During his life, Gustav Vigeland modelled about 100 portrait busts, the earliest in 1892, and the last in 1941. His most productive period as a portrayer was the years 1901-1905 when he modelled all together 27 busts, ten of them in 1903. The portraits of Henrik Ibsen (1903), Knut Hamsun (1903) and King Oscar II (1903) are among these.
In the same period Vigeland made several of his monuments. Around the turn of the century most of the outdoor sculptures in the capital were made by his senior colleagues, such as Brynjulf Bergslien's Karl Johan (1875) in front of the Royal Palace and Carl Ludvig Jacobsen's Christian IV (1880) at Stortorget. Vigeland differed from their naturalism by emphasising the individuality and inner life of the persons he portrayed. Among Vigeland's most famous monuments from this period are Camilla Collett (1906) and Niels Henrik Abel (1905) in the park surrounding the Royal Palace, and Henrik Wergeland (1907) in Kristiansand.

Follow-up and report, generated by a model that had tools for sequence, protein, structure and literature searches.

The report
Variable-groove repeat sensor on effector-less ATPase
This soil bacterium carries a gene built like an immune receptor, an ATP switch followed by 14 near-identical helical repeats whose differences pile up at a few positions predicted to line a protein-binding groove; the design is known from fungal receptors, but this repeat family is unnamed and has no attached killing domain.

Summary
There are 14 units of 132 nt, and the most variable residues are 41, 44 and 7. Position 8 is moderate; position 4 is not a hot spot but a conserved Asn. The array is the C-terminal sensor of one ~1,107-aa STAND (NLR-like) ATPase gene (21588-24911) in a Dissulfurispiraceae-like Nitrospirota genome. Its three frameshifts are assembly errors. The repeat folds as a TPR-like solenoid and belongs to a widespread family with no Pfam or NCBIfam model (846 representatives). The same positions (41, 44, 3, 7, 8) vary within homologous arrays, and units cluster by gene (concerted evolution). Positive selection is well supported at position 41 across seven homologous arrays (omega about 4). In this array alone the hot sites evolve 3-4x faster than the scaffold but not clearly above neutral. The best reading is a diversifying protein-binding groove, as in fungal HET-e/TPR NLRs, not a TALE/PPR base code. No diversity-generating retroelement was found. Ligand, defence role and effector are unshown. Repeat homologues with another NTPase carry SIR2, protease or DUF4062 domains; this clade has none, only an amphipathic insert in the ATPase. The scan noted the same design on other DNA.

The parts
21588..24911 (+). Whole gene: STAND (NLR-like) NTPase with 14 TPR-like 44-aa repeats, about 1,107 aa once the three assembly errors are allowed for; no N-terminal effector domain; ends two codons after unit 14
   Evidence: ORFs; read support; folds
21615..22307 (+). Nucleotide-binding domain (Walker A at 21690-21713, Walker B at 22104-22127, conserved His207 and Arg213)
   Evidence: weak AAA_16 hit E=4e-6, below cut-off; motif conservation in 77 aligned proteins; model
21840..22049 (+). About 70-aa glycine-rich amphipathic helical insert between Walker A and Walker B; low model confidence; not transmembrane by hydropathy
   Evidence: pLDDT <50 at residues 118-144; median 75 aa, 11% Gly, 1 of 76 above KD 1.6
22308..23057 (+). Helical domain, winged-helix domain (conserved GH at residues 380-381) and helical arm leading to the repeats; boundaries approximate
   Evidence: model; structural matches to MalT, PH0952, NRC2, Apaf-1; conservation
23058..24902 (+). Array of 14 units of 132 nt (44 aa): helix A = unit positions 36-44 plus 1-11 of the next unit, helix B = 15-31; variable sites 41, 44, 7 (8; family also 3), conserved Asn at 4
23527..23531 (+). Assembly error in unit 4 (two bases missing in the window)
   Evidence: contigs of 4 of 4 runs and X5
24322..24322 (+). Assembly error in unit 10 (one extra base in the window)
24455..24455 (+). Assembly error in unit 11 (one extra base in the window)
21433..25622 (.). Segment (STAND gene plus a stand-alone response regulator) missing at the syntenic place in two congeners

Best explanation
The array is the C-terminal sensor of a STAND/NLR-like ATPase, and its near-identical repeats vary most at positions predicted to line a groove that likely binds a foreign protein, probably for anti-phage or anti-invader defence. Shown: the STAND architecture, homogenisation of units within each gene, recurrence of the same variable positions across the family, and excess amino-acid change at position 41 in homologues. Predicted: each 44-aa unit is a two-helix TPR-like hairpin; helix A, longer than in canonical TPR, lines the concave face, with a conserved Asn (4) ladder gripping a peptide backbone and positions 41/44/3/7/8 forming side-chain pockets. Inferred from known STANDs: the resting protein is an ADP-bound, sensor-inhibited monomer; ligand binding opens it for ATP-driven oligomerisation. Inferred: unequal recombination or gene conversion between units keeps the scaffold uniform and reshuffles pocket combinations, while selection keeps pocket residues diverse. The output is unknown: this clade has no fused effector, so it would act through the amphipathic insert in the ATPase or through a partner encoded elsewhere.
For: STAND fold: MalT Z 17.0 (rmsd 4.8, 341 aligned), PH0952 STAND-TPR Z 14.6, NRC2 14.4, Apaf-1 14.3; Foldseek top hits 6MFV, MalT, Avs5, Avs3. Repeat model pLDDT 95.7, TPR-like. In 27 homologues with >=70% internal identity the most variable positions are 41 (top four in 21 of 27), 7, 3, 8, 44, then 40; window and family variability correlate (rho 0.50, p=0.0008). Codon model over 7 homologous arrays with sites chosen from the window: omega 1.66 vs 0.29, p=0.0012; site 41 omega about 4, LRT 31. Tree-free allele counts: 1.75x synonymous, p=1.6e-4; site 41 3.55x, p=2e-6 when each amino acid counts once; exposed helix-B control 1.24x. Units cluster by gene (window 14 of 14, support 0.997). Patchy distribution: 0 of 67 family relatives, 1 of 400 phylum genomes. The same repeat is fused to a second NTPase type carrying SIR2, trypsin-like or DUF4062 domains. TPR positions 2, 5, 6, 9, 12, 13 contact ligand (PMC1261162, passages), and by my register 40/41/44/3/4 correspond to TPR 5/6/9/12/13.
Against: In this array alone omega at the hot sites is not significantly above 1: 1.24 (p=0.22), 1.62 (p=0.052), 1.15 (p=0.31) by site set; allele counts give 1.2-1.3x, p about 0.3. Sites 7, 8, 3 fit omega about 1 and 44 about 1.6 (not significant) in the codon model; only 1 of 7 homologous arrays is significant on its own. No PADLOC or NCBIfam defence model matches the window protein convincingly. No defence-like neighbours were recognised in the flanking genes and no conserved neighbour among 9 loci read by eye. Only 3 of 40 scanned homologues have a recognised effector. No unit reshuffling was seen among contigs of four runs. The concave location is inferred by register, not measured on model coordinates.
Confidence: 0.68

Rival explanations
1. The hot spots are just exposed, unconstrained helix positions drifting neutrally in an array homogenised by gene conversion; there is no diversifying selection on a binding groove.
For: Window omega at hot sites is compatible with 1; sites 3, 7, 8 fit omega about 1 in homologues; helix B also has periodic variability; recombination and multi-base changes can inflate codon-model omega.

Vigeland made monuments also later in life, among others the monuments to Christian Michelsen (1936) in Bergen, Peder Claussøn Friis (1937) in Sør-Audnedal, and Snorre Sturlason (1938) in Iceland and in Bergen. In these later works Vigeland has concentrated upon the formal aspect, and the content seems to have been of less importance.